Diasporas from States in Crisis: A Case Study of the Zimbabwean Diaspora and Its Role in the Homeland

Date of Award

Spring 5-2010

Document Type

Thesis

Degree Name

Master of Arts (MA)

Department

Political Science & Geography

Program/Concentration

Graduate Program in International studies

Committee Director

David Earnest

Committee Member

Jie Chen

Committee Member

Jennifer Fish

Call Number for Print

Special Collections LD4331.I45 D48 2010

Abstract

Diasporas are important transnational actors with significant potential to influence their homeland. However, when crisis drives migration, certain limitations and opportunities are created, affecting their role in their homeland. The Zimbabwean diaspora provides an interesting case study for a diaspora from a state in crisis since nearly one-quarter of its population lives outside its borders. In a crisis characterized by political oppression, near economic collapse, and a breakdown of social institutions, one of the population's few options for survival has been migration. The diaspora that has resulted has played a political, economic and social role in Zimbabwe, but the crisis within the country has affected its capacity for greater influence. The crisis has exacerbated the divisions among the many heterogeneous groups in the diaspora, limiting their collective action against the Zimbabwean government. The structure of the Zimbabwean state, which limits access points to decision makers, further hampers its ability to make substantial changes in its homeland.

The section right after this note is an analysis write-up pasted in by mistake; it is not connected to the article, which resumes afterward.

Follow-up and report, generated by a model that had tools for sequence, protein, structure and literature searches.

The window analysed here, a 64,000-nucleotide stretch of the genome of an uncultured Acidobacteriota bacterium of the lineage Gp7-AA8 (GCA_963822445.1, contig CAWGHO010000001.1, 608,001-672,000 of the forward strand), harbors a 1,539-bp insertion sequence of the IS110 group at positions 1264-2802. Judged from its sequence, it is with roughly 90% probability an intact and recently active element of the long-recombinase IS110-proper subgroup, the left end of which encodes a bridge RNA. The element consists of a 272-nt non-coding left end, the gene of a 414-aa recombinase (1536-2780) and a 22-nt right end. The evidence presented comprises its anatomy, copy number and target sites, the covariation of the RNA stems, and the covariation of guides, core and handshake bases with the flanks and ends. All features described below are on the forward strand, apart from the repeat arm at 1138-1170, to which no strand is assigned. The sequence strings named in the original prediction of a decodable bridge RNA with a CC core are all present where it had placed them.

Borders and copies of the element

Rights

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DOI

10.25777/mw3q-jr73

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